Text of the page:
This has been made possible by two things. First, a 1999 line-sharing order by the FCC made it possible for competitors to offer high-speed DSL service by allowing both voice phone and DSL on a single line, rather than requiring customers to lease a second one. The effect has lowered small business cost for high-speed service by two-thirds, and made DSL affordable for homeowners for the first time.

As important, in the last 18 months, several state regulatory commissions have dramatically reduced the wholesale rates the Bells' were charging competitors, opening the door to increased competition in New York, Michigan, Ohio, Massachusetts, New Jersey and California.

The Bells have fought this not merely in the marketplace, by offering consumers better bundles of service, but in Congress and the courts and before the FCC, where they hope to deprive consumers of choices by fiat.

And they've registered some victories. In particular, in a ruling this summer, the DC Court of Appeals rejected the Supreme Court majority's reasoning about the FCC's rate setting and took a minority opinion to fashion an order that would limit the FCC's line sharing rule.

The FCC has yet to decide to appeal that ruling, and it is being lobbied hard by the Bells and their congressional supporters not to do so. Instead, they want the FCC as part of its triennial review of telecom regulations to move to restrict what elements make up UNE-P and, thus, which elements states can regulate rates.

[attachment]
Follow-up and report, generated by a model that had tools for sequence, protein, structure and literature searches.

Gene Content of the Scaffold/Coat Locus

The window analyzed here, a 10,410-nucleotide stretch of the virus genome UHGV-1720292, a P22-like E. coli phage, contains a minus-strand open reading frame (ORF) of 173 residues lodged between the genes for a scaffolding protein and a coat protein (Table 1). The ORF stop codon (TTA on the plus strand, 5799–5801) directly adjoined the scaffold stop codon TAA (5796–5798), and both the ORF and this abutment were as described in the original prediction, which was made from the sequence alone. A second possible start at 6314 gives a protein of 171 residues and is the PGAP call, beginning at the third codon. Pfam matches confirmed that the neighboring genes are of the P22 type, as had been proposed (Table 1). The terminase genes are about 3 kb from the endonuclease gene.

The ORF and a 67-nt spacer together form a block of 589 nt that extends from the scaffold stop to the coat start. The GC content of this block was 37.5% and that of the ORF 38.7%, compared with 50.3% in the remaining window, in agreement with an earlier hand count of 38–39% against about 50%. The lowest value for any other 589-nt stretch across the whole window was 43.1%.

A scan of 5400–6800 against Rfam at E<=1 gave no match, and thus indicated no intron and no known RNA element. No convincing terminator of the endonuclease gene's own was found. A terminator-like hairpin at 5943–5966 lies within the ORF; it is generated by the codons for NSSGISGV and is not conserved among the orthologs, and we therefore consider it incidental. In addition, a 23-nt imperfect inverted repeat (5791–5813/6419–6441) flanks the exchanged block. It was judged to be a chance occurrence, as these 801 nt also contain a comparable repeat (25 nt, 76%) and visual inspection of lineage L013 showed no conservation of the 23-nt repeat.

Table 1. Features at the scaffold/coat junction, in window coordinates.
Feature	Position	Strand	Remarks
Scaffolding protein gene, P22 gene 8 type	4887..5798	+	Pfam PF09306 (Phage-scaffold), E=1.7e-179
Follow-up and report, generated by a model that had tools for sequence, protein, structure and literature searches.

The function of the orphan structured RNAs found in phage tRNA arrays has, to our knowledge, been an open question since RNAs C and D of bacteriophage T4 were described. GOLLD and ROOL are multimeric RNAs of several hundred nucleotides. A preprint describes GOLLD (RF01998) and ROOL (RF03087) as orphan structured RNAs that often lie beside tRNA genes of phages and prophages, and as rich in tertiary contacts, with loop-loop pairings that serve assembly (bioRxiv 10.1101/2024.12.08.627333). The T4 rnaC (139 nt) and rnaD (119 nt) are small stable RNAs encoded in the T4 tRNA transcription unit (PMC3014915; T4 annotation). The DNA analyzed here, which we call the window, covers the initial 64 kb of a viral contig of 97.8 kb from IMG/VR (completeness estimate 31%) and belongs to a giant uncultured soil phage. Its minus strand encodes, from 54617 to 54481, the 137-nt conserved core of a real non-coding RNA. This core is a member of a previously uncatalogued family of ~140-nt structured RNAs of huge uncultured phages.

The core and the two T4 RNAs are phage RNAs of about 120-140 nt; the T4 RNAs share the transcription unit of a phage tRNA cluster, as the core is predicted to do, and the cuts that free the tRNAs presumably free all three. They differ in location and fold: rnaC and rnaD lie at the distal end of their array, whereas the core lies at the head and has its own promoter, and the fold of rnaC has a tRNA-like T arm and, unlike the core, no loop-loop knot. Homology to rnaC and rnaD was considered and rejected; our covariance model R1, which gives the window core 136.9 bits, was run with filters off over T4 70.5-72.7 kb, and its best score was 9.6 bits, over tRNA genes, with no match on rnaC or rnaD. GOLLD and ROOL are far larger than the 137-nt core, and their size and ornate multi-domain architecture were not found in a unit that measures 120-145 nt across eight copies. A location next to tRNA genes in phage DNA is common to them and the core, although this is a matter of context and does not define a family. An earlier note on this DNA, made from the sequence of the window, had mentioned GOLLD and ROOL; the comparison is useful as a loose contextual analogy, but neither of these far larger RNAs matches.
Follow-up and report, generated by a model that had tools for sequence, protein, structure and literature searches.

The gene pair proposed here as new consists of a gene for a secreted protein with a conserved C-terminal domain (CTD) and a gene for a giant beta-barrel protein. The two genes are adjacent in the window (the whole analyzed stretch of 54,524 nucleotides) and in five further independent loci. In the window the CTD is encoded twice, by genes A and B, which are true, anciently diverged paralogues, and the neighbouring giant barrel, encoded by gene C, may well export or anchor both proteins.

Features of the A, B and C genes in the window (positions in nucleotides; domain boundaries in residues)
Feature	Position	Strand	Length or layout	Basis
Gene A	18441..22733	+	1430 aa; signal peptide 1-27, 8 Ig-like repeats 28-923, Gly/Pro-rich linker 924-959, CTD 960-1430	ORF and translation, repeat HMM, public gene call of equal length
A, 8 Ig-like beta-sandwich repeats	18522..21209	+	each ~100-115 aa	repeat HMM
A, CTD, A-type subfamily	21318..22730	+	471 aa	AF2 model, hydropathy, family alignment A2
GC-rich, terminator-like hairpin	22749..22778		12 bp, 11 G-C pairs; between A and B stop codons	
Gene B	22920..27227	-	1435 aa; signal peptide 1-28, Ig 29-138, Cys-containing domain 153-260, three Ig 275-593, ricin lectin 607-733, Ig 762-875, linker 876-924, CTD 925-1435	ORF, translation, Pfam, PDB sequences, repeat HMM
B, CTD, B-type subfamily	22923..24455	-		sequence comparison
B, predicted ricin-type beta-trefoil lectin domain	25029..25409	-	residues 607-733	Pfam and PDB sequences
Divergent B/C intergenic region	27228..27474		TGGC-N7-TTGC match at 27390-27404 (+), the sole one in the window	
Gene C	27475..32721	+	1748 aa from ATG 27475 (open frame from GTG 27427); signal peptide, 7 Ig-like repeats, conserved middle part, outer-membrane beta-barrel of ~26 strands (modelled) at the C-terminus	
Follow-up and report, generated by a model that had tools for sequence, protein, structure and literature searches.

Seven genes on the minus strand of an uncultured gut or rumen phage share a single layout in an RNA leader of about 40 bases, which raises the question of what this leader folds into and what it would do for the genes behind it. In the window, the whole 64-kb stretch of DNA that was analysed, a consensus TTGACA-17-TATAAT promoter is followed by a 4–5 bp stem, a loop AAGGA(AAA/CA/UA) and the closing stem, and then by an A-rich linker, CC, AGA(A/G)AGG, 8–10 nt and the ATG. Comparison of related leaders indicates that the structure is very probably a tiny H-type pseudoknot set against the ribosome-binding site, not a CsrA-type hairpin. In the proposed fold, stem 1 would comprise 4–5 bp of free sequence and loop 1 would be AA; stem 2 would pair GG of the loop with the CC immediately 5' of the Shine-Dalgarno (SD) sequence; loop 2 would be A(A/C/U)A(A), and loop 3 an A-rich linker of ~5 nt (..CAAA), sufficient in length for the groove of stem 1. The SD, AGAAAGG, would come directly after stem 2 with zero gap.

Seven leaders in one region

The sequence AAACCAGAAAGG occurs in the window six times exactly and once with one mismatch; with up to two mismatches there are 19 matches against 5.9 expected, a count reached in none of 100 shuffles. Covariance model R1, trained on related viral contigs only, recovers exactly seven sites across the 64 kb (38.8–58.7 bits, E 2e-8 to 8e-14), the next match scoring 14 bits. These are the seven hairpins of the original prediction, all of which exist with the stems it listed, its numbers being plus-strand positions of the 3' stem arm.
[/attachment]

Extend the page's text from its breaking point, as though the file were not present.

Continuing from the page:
The Bells argue that the UNE-P rates are being set too low and that they aren't making any money, which means that they have no incentive to build out broadband services.

But as Investors Business Daily reported in early September, Verizon, SBC and BellSouth had $17 billion in operating free cash flow - earnings minus capital expenditures - in the first half of this year. So, they aren't in dire straits.

In addition, two new reports by the Phoenix Center for Advanced Legal and Economic and Policy Studies make clear that eliminating key elements from UNE-P would diminish facilities based competition.

"As common sense dictates, the Bell Company anti-UNE Platform message is not driven by a desire for 'real competition,'" writes George S. Ford, a Phoenix Center fellow and chief economist for Z-Tel Communications, "but an effort to shift competitive entry toward slower, less ubiquitous entry modes."

If all consumers wanted was one-stop shopping, new limits on unbundling by the Bells might make sense. But that isn't what consumers are looking for. They want a host of services, too. And to get those bundles of joy, regulators and lawmakers need to make sure that the unbundling of the Bells' local monopolies continues for the foreseeable future.